“There has to be a war on poverty,” says Michael Bloomberg. Does he know how the last one turned out?
by Steven Greenhut
During his first inaugural address in 1964, President Lyndon Baines Johnson declared a no-holds-barred federal “war on poverty” that promised not only to improve poor people’s economic conditions—but to address the fundamental causes of their despair. “Our aim is not only to relieve the symptom of poverty,” he said, “but to cure it, above all, to prevent it.”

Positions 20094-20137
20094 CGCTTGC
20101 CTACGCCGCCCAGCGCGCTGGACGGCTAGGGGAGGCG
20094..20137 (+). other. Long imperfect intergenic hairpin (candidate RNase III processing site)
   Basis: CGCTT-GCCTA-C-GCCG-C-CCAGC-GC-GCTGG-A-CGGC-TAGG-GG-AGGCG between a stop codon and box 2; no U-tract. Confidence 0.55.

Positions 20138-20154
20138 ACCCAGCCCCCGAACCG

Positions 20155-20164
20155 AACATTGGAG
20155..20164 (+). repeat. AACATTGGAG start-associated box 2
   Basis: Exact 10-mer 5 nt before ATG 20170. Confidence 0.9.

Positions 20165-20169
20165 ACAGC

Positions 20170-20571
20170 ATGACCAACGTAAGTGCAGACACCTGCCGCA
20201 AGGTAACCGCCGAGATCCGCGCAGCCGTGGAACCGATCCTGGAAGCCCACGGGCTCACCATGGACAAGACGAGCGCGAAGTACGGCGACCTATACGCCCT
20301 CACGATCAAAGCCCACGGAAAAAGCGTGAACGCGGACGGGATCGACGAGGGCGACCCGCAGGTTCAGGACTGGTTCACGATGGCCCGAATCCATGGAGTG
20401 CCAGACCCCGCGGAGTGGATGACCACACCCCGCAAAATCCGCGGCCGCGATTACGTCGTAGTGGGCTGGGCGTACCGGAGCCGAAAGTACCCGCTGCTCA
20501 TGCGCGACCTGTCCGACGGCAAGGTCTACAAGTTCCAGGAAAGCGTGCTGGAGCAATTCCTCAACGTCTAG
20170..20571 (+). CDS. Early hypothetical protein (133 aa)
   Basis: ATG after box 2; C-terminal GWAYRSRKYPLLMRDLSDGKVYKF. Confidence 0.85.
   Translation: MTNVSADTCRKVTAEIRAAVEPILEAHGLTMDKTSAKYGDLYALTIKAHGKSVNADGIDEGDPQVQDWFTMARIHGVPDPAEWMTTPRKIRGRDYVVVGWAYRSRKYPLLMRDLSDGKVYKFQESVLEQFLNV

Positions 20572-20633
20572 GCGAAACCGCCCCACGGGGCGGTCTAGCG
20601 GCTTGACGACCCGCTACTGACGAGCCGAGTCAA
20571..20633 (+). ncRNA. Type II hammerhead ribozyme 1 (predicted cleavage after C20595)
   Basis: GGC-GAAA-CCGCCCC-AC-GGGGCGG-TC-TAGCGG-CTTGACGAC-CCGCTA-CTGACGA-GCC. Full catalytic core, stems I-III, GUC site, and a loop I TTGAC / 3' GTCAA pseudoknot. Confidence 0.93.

LBJ promised to help poor Americans become self-sufficient, but mostly touted an array of familiar-sounding proposals—hiking the minimum wage, investing more money in public schools, building public-housing projects and creating new or expanded income-support programs. His economic-development ideas promised to uplift African-Americans in urban slums, Native Americans on reservations and whites in Appalachia.